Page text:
Flat Earth

The idea of a flat earth (also: flat earth ) is found in many early cultures. It has already been criticized by authors of antiquity and replaced by the notion of the earth as a sphere ( " earth "). The latter remained the dominant school of thought in medieval Europe.

The erroneous assumption modern, especially that medieval Christianity believed in a flat earth, is listed by the Historical Association of Britain as far as widespread historical error. Recent studies, particularly since the 1990s showed that " except a very few exceptions no educated person believed since the 3rd century BC in the history of the West, the earth is flat " and that the sphericity of the earth always the dominant school of thought remained. The modern misconception that medieval man believed in a disk-shaped earth, therefore, found only in the 19th century dissemination, mainly due to Washington Irving's story The life and voyages of Christopher Columbus ( 1828).

In particular, since the 19th century, scientists devoted from geodesy and cartography a refinement of the spherical model and developed the geoid as a physical model of the spheroidal figure of the earth. In the following article, however, the spherical shape is generally simplistic compared with the disk shape, with no differences between the spherical shape - to distinguish - perfect or flattened ball.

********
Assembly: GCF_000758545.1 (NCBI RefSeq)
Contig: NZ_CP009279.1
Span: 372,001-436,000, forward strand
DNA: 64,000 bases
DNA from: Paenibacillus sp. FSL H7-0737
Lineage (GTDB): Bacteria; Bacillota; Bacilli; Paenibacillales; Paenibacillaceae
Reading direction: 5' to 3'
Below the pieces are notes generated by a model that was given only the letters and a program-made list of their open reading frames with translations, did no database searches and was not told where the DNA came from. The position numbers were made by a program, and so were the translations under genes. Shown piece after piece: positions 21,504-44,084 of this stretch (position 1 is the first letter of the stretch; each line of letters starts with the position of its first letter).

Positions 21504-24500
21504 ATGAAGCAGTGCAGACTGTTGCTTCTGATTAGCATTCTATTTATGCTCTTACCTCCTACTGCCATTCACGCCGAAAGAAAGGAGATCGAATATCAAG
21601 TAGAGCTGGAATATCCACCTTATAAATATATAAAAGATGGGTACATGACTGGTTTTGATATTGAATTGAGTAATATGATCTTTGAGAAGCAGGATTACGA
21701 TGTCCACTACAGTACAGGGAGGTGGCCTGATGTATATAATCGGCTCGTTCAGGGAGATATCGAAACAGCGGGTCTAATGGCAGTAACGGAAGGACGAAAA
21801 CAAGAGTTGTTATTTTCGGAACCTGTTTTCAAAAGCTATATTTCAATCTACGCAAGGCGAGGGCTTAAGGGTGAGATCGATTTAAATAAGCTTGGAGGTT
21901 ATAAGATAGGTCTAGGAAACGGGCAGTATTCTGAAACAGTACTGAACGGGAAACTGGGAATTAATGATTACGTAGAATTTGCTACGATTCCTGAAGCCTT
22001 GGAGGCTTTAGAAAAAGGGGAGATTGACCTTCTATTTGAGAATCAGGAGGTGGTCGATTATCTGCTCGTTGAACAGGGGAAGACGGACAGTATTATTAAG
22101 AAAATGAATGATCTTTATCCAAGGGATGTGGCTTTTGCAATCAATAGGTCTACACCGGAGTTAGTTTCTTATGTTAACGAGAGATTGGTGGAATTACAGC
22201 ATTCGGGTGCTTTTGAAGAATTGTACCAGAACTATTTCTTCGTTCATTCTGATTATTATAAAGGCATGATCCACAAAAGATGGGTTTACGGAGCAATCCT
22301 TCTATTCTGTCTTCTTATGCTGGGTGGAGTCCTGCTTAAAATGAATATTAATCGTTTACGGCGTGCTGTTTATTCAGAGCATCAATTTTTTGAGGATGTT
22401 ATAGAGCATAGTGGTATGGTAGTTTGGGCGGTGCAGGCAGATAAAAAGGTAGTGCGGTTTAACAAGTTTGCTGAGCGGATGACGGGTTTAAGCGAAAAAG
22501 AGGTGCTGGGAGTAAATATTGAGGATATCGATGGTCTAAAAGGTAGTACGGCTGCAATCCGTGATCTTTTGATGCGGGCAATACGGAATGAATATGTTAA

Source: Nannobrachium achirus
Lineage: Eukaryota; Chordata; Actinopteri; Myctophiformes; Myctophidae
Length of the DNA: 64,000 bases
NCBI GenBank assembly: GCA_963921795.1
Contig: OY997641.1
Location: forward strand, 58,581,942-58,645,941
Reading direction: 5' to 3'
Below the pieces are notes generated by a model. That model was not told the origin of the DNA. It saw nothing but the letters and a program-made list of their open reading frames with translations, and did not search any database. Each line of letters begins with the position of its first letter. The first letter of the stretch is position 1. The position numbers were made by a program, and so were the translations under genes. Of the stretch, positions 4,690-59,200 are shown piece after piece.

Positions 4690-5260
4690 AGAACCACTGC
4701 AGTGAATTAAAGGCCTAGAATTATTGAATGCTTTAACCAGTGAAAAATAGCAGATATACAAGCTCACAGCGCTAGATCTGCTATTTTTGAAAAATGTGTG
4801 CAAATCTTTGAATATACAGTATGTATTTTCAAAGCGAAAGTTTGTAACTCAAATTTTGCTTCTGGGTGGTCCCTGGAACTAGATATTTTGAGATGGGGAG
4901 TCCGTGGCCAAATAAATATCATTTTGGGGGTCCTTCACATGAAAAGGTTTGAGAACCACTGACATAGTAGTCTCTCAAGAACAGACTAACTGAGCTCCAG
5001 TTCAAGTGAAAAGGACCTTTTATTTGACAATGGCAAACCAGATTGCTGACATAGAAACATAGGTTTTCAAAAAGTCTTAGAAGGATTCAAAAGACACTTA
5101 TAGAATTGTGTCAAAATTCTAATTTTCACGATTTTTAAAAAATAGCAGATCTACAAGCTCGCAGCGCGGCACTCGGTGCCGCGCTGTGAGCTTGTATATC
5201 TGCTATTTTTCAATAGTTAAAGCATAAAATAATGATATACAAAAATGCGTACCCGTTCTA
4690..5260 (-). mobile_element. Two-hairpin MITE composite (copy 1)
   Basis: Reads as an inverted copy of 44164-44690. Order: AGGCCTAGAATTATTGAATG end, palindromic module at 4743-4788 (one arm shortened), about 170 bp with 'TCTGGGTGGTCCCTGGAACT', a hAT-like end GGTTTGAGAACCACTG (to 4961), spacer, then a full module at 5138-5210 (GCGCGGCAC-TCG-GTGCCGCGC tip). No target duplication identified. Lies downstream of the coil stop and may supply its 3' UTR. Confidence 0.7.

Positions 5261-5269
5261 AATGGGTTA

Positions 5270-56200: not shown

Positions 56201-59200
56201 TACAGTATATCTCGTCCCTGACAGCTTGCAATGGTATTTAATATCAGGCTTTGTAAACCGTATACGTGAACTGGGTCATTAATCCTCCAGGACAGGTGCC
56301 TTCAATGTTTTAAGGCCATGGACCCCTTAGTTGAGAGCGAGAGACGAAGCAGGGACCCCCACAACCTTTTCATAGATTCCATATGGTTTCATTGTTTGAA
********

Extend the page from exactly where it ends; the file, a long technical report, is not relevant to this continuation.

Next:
The idea of ​​the disc shape of the Earth

The most widely used pictorial idea of ​​the earth as a flat disk can be found in the myths of the origin of many nations. By the driving force of a Creator God and a tiny bit as a seed for the future world, the earth was created as an island on the primeval ocean. This picture of the Earth, there was in ancient Asian civilizations such as Mesopotamia - taken from there in the Old Testament - as well as in non-literate peoples, as long as the earth as a whole was ever subject. This model was followed by the early Greek philosopher Anaximander and Hecataeus. To the widespread, especially in Asia notion of floating on the primeval ocean flat earth include an up reaching up to the sky Roof world mountain in the center and in addition in Central Asia a mountain ring at the outer edge of the disc, which is known in Iranian mythology under the name Qaf.

The rejection of the disk shape


The idea of ​​a spherical earth was represented in Greece since ancient times. Pythagoras advocated this view in the 6th century BC, especially for aesthetic reasons and assumed that the celestial bodies were spherical.

Even Plato assumed a spherical shape of the earth. His pupil Aristotle gave in his book On the Heavens from the 4th century BC, the following reasons for the sphericity of the earth:

  • All serious bodily aspire to the center of the universe. As they do so from all sides evenly, and the earth is at the center of the universe, they must assume a spherical round shape.
  • In wegfahrenden of the coastal vessels the hull is hidden from the sailing point of view.
  • In southern countries southern constellations appear higher above the horizon.
  • The Earth's shadow during a lunar eclipse is always round.

The first of these arguments is based on the a priori not unjustifiable assumption that all bodies should strive toward a common point. The remaining three are correct.